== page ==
A study on the effects of electronic games on musculoskeletal health and aerobic fitness in school-age children and adolescents

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A study on the effects of electronic games on musculoskeletal health and aerobic fitness in school-age children and adolescents

 

Author: Lui, Po Ying
Title: A study on the effects of electronic games on musculoskeletal health and aerobic fitness in school-age children and adolescents
Degree: Ph.D.
Year: 2016
Subject: Video gamers -- Health and hygiene.
Electronic games -- Health aspects.
Physical fitness for children.
Physical fitness for youth.
Musculoskeletal system.
Hong Kong Polytechnic University -- Dissertations
Department: Dept. of Rehabilitation Sciences
Pages: xx, 255 pages : color illustrations
Language: English
InnoPac Record: http://library.polyu.edu.hk/record=b2925497
URI: http://theses.lib.polyu.edu.hk/handle/200/8682
Abstract: Today school-age children and adolescents are exposed to a wide range of screen-based devices, particularly various electronic games (EG) systems. High exposure and intensive use of these devices may have negative health impacts on the musculoskeletal system and aerobic fitness. The purposes of this thesis were: a) to examine the pattern of EG device usage, sedentary behaviours and physical activities among school-age children and adolescents, and their association with musculoskeletal discomforts (MSDs); b) to investigate the biomechanical loading and the oxygen consumption during play of two types of EG devices (small-screen handheld and active game system), as well as MSDs and aerobic fitness related to EG play. This thesis involves two studies. Study 1 involved a survey on the usage of EG devices among Primary 4 to Secondary 3 students of four schools in Hong Kong. The survey was conducted from November 2009 to May 2010. Two primary and two secondary schools participated, returning 1,590 questionnaires (out of 2,000, the response rate was 79.5%) for analysis. The mean age of the 1,590 children surveyed was 12.49±2.03 years and the age range was 8-18 years; 23.7% reported high-level use of EG devices (more than four hours daily), and amongst these high-level EG device users, more boys were large-screen based device users while small-screen handheld devices were used by more girls. More secondary school students were associated with the habit of high-level EG use than primary school students (32.2% versus 9.3%). The survey found students spent long hours (≥4 hrs/day) in computer use (30.7%) and television viewing (27.2%). Only 18% of students had a habit of physical activity more than 60 minutes daily. Participants were asked to indicate their bodily discomfort related to EG play. 19.5% and 23.8% of students had neck discomfort and upper limb discomfort, respectively. Univariate logistic regression analysis of the data illustrated that high EG use (≥4 hrs/day) was associated with neck discomfort (odds ratio=1.400, 95% CI=1.083-1.811, p=0.010) and upper limb discomfort (odds ratio=1.687, 95% CI=1.307-2.177, p=0.001).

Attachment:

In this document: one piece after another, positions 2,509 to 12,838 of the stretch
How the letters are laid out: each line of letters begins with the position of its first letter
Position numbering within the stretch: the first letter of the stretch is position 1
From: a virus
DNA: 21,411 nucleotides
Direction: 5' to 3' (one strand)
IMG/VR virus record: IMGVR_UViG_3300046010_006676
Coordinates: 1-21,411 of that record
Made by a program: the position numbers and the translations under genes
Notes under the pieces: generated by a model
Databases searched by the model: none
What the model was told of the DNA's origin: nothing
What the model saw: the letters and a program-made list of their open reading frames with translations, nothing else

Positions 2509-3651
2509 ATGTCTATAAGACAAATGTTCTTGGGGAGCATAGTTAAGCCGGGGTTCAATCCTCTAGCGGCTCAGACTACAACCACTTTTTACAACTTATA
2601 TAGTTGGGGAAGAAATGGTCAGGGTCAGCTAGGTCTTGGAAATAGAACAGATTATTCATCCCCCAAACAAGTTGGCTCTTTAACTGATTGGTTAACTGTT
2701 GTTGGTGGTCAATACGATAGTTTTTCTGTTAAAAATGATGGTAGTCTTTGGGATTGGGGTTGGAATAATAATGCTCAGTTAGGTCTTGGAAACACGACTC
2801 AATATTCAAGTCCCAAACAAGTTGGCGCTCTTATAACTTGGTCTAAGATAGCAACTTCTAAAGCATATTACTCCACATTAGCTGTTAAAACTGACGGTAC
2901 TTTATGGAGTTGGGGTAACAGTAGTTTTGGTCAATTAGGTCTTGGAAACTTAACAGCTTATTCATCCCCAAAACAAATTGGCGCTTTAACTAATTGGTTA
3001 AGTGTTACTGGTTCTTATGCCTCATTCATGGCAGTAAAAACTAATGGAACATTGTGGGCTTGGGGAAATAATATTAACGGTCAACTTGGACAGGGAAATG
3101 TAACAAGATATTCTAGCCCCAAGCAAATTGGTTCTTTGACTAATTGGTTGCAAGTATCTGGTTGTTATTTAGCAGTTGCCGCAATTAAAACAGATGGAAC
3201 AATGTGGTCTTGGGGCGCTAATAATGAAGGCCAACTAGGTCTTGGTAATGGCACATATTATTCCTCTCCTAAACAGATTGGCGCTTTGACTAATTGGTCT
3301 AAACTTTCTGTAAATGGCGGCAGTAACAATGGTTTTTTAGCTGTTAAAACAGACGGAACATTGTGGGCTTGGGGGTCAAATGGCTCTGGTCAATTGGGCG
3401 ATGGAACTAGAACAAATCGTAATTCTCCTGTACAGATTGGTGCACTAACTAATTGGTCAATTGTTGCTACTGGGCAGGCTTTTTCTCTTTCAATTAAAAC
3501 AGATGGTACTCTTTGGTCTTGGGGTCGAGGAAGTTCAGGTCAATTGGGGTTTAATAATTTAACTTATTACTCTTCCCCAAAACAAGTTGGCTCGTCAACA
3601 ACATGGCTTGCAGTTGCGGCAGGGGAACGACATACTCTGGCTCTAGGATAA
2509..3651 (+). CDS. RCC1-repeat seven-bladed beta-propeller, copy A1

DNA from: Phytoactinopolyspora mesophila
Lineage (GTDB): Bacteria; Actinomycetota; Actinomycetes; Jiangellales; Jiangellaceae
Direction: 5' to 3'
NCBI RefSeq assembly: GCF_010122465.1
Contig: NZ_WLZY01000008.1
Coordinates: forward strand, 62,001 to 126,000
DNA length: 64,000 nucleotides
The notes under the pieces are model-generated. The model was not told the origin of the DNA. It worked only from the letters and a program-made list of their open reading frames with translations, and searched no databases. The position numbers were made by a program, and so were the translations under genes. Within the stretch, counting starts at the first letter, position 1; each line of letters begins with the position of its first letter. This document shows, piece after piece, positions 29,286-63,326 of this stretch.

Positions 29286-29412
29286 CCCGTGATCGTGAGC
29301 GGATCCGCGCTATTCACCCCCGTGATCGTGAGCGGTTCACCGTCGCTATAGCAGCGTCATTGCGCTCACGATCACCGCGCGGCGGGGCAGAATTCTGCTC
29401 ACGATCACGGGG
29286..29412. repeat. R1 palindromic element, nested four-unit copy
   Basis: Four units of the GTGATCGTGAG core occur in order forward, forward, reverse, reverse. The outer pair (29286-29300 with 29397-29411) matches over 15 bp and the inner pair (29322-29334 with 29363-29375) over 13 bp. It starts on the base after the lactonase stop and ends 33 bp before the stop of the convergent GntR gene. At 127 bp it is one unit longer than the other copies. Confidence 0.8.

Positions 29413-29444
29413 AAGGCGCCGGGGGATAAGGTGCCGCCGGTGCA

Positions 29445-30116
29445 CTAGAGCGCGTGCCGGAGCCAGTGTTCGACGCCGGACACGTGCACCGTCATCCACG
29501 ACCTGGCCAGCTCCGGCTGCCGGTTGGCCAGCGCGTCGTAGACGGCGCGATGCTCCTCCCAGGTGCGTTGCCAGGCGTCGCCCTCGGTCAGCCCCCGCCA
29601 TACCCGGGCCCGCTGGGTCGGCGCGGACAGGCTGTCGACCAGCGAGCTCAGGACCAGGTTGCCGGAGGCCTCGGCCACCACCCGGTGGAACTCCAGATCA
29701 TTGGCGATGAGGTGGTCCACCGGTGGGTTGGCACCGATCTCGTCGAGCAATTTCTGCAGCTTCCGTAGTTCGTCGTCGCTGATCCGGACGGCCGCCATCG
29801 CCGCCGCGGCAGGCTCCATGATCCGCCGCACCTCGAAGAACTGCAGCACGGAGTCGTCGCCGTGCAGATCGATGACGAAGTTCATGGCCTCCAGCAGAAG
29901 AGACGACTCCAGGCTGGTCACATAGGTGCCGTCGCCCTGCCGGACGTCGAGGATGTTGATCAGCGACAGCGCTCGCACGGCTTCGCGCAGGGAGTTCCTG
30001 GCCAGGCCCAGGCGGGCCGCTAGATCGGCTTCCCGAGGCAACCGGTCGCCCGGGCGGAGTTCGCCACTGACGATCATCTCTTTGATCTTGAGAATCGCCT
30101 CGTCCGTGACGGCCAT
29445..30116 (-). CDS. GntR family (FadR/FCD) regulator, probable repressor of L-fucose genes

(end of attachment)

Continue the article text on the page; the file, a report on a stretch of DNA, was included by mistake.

Study 2 investigates the biomechanical loading on the musculoskeletal system (Part A) and on oxygen consumption (Part B) during play sessions with two types of EG devices: the small-screen handheld Sony PlayStation Portable® (PSP) and the active game system the Nintendo Wii® (Wii), in the same group of subjects (aged 10-14 years). Specifically, Part A examined in 36 subjects, the electromyographic and kinematic responses of the neck and upper limb region during 20 minutes of EG play, and its association with subjective musculoskeletal discomforts. Surface electromyography (EMG) was conducted to measure the muscle activity of the cervical erector spinae (CES), upper trapezius (UT), extensor carpi radialis (ECR), flexor carpi ulnaris (FCU), and abductor pollicis brevis (APB). Head-neck angle and wrist joint movements (posture and angular acceleration) were measured by inclinometer and 2-D electrogoniometers, respectively. The results showed that there was constantly high loading to the CES during EG play, possibly due to the need to stabilize the head in a flexion posture during PSP play. The variability of ECR and FCU muscle activity and the range of wrist movement were very low, suggesting static muscle tension and static wrist posture. During Wii play, which involves more dynamic arm movements, maintaining the head in an erect posture and high neck muscle activity were recorded. The high ECR and FCU activity and high wrist angular acceleration could be beneficial to young people as this may promote musculoskeletal development in the forearm. Part B of the study involved indirect calorimetric measurement of oxygen consumption during a play session with the PSP and Wii in the same group of subjects. Subjects' maximal aerobic capacity (VO2max) was estimated by a submaximal stress test - the ‘three-minute step test'. Results of this study showed that the physical activity level of playing both games were less than 3 metabolic equivalents (METs) thus the physical activity level is "light". The estimated VO2max were compared by the effect of high-level (≥4 hrs/day) and low-level (<4 hrs/day) of EG devices usage and the results were not significant. In conclusion, the findings of this study show school-age children and adolescents have a daily habit of intensive EG use. The results of the experimental studies confirm a sustained poor neck flexion posture, and with high static muscle loading to the neck and upper limb regions during small-screen handheld EG use. Playing a Wii game is considered by some to be an active exercise; however, its energy cost does not meet the recommended guidelines for the healthy growth of young people. The work of this thesis provides preliminary evidence relating to the impact of EG playing on the musculoskeletal health and aerobic fitness of children and adolescents. This useful information may contribute towards the development of ergonomic guidelines for school-age children and adolescents during the use of EG devices. Further research should investigate the cause-and-effect relationship among the EG devices use, bodily discomfort, and the musculoskeletal responses.